Monday, May 11, 2009

Cyminology in New York

If ever a group was suited for the cosmopolitan Big Apple, it would be Cyminology. Consisting of the Iranian-German vocalist Cymin Samawatie, the French-German Benedikt Jahnel on piano, the Indian-German Ketan Bhatti on drums and percussion, along with the non-hyphenated German Ralf Schwarz on bass, the members of Cyminology might have very diverse backgrounds, but they share a unified musical spirit. Out of many influences, they have developed a distinct sound all their own, blending jazz, world music influences, and Persian poetry. Accomplished road warriors, they are currently on the New York leg of a tour supporting As Ney, their debut CD for the prestigious ECM label (and third overall). It has offered New Yorkers a chance to hear them in intimate concerts settings perfectly suited to their graceful, haunting music, as was the case Saturday night at alwan for the arts.

Samawatie is a poised performer with a striking stage-presence, which she established immediately on the opening song, Hafiz’s “Por sa ssedaa (Resonating),” entering after an extended instrumental prelude, dramatically vocalizing as she took the stage. Evidently, Cyminology’s live performances notably also allow the musicians take more space to stretch out in their solos, particularly Jahnel on piano, which should well satisfy more orthodox jazz listeners. In fact, Samawatie took visible joy his rhapsodic runs on their adaptation of Rumi’s “As Ney,” as his churning rhythm section-mates egged him on.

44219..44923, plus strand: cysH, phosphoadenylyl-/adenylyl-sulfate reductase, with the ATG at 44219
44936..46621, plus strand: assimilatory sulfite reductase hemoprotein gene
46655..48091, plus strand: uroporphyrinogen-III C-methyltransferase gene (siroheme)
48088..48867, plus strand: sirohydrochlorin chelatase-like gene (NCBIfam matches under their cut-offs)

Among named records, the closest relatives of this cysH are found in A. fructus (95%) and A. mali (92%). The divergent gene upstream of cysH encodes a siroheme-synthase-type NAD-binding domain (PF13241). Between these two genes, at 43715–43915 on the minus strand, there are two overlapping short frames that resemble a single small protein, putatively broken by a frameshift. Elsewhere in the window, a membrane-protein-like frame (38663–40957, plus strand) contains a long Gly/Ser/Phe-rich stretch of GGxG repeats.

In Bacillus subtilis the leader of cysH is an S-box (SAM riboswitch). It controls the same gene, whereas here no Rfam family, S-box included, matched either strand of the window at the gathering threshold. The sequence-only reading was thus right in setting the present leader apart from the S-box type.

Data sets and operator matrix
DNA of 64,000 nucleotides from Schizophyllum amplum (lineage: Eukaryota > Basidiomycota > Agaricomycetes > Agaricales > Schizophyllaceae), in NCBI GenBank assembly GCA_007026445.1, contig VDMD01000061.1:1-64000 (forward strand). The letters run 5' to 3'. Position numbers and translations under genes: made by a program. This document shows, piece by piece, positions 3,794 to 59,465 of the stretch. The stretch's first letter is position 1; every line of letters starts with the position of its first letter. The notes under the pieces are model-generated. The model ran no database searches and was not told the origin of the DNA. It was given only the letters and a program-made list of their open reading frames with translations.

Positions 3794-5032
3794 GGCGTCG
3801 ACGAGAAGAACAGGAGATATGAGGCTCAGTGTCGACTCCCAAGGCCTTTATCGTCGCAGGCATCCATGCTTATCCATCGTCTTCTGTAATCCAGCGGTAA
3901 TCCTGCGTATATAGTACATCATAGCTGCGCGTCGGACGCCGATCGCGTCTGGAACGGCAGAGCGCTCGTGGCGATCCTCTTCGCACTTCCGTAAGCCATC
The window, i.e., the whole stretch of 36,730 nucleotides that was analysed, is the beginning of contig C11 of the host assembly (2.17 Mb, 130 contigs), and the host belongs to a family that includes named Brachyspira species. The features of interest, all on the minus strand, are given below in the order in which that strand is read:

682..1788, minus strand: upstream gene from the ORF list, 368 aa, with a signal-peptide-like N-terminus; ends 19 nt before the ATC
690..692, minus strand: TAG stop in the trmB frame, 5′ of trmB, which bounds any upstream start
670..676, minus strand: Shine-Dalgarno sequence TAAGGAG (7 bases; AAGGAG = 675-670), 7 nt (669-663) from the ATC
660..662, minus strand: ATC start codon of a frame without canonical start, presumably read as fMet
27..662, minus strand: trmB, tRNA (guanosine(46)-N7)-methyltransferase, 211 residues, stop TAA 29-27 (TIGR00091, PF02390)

While the lion’s share of their concert drew from the current ECM release, they also included one song from each previous CD, including a rousing interpretation of Khayyam’s poetry, featuring a dynamic but tasteful drum and percussion solo from Bhatti. The first set concluded with another truly transformative take on the Hafiz’s verse, marked by the trance-inducing rhythms of Jahnel’s piano.

The shorter second set essentially consisted of Samawatie’s triptych of original verse, “Kalaam/Dassthaa/Delbasstegi (Words/Hands/Closeness),” which she impressively translated for the audience from contemporary Iranian Persian, then to German, and eventually into English. It is a richly textured piece, evolving seamlessly between movements, reaching a crescendo with Jahnel’s dazzling solo, which literally brought the pianist out of his seat.

Even if you do not understand Samawatie’s Persian lyrics, the spiritual nature of Cyminology’s music is clearly audible. Particularly in live performance, her arresting vocals are a transcendent listening experience. Their final New York gig of the As Ney tour will be at Puppets Jazz in Brooklyn, tomorrow night.